And by the summer, the Liberals were dropping in most demographics, the NDP was ahead of the Conservatives almost everywhere and voting Liberal anywhere in the country became impotent.

Looking back, the NDP won 103 seats and came second in over 100 ridings in 2011. Trudeau is missing. Mulcair has come into his own. Alberta inspired the whole country by embracing the NDP for change provincially. And Harper has driven our economy, rights and freedoms into the ground.

The NDP are fully capable of ridding us of Harper’s Conservatives for good.

That’s why I joined Team Mulcair. And so should you.

A version of this piece shows up in the Labour Day 2015 issue of Our Times magazine.

Harper’s Campaign Against a Mythical Netflix Tax Backfires, Badly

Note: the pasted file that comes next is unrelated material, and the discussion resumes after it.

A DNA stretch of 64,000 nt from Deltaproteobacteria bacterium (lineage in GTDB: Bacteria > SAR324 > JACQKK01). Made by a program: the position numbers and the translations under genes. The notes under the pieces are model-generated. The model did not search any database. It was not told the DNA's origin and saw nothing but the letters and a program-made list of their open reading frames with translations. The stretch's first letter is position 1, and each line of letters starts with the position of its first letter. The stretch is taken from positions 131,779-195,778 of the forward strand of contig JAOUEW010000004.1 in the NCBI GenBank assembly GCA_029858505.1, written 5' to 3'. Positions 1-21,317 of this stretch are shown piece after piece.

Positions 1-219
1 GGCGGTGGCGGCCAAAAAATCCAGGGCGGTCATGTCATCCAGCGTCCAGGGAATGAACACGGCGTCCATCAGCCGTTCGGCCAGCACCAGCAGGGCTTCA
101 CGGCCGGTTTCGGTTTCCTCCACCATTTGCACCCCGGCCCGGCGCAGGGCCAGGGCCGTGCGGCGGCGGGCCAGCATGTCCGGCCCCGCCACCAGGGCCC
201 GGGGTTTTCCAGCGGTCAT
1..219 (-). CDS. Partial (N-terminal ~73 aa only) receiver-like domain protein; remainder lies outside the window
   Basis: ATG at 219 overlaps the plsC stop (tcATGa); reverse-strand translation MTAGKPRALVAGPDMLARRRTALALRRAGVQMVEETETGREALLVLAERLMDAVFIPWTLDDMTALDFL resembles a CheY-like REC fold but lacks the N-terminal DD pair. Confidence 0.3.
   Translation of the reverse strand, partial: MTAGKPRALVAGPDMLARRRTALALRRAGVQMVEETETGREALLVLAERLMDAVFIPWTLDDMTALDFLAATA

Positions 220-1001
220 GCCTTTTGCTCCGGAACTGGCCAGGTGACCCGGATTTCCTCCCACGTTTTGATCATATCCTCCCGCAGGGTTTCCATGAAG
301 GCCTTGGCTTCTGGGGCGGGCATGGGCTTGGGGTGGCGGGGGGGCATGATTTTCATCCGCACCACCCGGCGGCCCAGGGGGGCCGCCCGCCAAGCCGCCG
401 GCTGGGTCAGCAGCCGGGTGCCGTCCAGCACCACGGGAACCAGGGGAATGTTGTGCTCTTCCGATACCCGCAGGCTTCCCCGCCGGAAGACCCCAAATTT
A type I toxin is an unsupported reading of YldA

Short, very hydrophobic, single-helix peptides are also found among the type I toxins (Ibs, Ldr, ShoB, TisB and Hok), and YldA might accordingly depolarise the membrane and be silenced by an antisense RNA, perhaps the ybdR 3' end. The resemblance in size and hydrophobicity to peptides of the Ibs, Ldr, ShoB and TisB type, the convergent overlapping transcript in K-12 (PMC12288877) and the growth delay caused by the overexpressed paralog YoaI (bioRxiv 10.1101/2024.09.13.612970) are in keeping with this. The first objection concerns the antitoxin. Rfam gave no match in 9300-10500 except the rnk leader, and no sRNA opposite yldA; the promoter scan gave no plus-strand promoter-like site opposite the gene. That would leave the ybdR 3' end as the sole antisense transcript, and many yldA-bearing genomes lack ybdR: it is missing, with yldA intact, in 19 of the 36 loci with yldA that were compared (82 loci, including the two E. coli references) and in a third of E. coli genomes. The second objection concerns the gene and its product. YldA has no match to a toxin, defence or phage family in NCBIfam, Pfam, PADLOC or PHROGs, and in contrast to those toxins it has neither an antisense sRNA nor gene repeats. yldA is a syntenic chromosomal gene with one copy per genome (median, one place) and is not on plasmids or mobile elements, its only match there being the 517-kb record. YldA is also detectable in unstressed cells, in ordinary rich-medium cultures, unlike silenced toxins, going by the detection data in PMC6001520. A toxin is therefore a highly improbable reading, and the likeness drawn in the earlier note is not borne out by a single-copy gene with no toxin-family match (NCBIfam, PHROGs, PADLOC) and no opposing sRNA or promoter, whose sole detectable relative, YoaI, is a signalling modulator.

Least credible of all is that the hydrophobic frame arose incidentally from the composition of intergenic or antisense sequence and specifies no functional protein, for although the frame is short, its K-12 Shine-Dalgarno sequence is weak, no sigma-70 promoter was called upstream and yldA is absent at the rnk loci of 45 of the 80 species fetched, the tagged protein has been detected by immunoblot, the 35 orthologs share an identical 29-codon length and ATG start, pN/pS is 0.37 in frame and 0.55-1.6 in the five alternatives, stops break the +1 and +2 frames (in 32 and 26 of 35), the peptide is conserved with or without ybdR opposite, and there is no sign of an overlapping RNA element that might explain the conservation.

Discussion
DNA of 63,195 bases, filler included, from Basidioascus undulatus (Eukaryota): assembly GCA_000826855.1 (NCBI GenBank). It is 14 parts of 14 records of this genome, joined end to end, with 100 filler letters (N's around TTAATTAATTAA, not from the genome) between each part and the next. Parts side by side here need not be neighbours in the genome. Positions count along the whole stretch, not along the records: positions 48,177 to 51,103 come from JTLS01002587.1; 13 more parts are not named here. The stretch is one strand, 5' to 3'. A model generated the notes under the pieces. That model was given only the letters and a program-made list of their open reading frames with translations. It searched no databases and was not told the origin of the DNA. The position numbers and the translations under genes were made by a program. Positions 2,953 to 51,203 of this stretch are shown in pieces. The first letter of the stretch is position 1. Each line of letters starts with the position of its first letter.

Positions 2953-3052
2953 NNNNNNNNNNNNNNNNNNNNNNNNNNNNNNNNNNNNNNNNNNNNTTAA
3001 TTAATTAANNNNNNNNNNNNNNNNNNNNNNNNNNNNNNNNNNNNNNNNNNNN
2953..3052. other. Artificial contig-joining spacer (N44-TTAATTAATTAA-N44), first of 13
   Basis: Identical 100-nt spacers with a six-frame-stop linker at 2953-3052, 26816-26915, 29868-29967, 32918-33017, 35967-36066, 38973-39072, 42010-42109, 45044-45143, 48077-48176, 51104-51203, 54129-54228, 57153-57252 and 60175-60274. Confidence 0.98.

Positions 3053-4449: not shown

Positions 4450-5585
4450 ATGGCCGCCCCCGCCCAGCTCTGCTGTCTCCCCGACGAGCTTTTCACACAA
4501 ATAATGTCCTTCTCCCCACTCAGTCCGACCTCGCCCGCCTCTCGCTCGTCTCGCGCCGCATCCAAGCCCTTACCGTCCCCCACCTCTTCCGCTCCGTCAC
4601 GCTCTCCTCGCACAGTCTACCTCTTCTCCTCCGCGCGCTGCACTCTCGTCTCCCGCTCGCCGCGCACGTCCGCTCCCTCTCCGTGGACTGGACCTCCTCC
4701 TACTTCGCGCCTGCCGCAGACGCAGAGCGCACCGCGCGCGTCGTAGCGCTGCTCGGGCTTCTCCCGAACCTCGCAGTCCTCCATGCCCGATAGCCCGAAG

Check out our savvy PM, getting all hashtaggy on us all!

But to quote Mr. Layton from 2011, it’s become a #Fail, or, “Hashtag-Fail” if you will.

You see, our PM has decided to say that others want to bring in a Netflix Tax.  So he opposed it. But he just made that up.

And now social media is punishing him. With the aplomb we’ve come to expect…remember #TellVicEverything?

Try the trending #NoNetflixTax to see what people are doing to our lying PM.

Some unlucky social media intern is going to get heinously fired for this!

And, because FUN, there’s a new hashtag game called #HarperANetflixShow.

And you’d think the PM would be more careful with the blindfold and the loaded semi-automatic pistol that is social media. I mean, it’s not like there’s a leader’s debate tonight or anything…oh wait!